We take technology as a raw substance and direct our creative energies to harness its capability to do our bidding and it has always been such since made found out how to make fire. We have mentioned Gutenberg from time time and even in our whitepaper on mobile as the 7th Mass Media
The First Law of Technology says we invariably overestimate the short-term impact of new technologies while underestimating their longer-term effects. The invention of printing in the 15th century had an extraordinary short-term impact: though scholars argue about the precise number, within 40 years of the first Gutenberg bible between eight and 24 million books, representing 30,000 titles, had been printed and published. To those around at the time, it seemed like a pretty big deal.
They didn't know, for example, that Gutenberg's technology, which enabled lay people to read and interpret the bible for themselves, would undermine the authority of the Catholic church and fuel the Reformation. Or that it would enable the rise of modern science by facilitating the rapid and accurate dissemination of ideas. Or create new social classes of clerks, teachers and intellectuals. Or alter our conception of 'childhood' as a protected early stage in the lives of young people. In an oral culture, childhood effectively ended at the age when an individual could be regarded as a competent communicator, ie, about seven - which is why the Vatican defined that as 'the age of reason' after which individuals could be held accountable for their sins.
Naughton refers to a recent study on reading behaviour from the British Library and researchers at University College London. I am not sure if this is the correct link that Naughton refers to however it is interesting and I think it is the right one. The google generation and research
The findings describe 'a new form of information-seeking behaviour' characterised as being 'horizontal, bouncing, checking and viewing in nature. Users are promiscuous, diverse and volatile.' 'Horizontal' information-seeking means 'a form of skimming activity, where people view just one or two pages from an academic site then "bounce" out, perhaps never to return.' The average times users spend on e-book and e-journal sites are very short: typically four and eight minutes respectively.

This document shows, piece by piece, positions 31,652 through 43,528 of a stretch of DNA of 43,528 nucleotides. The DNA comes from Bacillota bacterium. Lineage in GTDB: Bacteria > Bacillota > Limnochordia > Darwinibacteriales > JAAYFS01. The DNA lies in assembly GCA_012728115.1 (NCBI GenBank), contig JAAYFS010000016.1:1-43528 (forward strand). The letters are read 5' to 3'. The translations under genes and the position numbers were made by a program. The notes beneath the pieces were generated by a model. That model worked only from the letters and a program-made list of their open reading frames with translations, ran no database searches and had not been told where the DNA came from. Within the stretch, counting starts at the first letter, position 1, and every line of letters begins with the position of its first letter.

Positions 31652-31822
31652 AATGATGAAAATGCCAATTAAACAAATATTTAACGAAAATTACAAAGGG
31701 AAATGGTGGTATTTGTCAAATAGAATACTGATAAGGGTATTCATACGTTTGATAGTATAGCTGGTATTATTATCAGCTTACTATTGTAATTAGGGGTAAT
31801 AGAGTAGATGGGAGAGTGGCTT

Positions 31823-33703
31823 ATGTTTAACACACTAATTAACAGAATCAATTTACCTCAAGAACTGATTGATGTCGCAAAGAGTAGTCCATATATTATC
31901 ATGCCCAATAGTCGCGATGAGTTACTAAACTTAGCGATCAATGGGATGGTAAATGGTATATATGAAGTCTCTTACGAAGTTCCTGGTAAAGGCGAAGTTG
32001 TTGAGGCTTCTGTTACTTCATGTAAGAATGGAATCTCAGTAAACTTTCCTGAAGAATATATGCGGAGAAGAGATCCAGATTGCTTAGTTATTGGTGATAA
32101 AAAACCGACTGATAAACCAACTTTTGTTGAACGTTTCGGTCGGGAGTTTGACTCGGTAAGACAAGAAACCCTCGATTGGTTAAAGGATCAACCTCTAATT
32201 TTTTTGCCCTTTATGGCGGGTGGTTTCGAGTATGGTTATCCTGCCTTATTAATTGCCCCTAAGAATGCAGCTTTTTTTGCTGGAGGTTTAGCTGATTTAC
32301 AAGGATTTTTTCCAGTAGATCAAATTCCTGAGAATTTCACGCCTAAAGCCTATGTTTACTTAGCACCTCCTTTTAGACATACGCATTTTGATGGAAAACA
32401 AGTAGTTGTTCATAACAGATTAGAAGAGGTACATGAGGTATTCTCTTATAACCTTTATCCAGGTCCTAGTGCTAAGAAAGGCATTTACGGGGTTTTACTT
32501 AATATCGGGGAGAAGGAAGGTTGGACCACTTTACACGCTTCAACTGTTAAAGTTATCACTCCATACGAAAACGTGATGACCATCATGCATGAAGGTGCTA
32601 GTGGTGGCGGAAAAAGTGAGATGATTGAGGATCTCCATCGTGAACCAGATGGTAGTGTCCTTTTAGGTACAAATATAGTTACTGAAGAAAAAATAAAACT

John sums up
The study confirms what many are beginning to suspect: that the web is having a profound impact on how we conceptualise, seek, evaluate and use information. What Marshall McLuhan called 'the Gutenberg galaxy' - that universe of linear exposition, quiet contemplation, disciplined reading and study - is imploding, and we don't know if what will replace it will be better or worse. But at least you can find the Wikipedia entry for 'Gutenberg galaxy' in 0.34 seconds.
In one oy my speeches I say
The comedian Bill Bailey describes reading Stephen Hawkings’ A Brief History of Time. In it Hawking suggests the universe could be 3 possible shapes. These are:
1). Long and thin like a piece of tagliatelle
2). Round like a marble
3). Saddle shaped
Bailey finds it hard to deal with the notion that our universe could be saddle shaped. In fact, he believes that Hawkings should say that the universe is saddle shaped, and that is strapped to a giant donkey being led up and down an intergalactic beach by God.
The point is that our once familiar analogue world, which we understood no longer exists in our digital universe.
As Bailey observed, in the days of Christopher Columbus it was easier to buy a "To the edge and back ticket"
We don’t know what shape our new digital universe is. We have to learn to navigate and describe it, and it presents us with new challenges in creatine new businesses, new culture, and having a new logic and language to describe the world we live in.
Often we hear newscasts or documentaries where people are talking from the the 1940's their voices sound so different from today. It is a simple observation, but it readily demonstrates that nothing ever stands still.
We are in perpetual motion.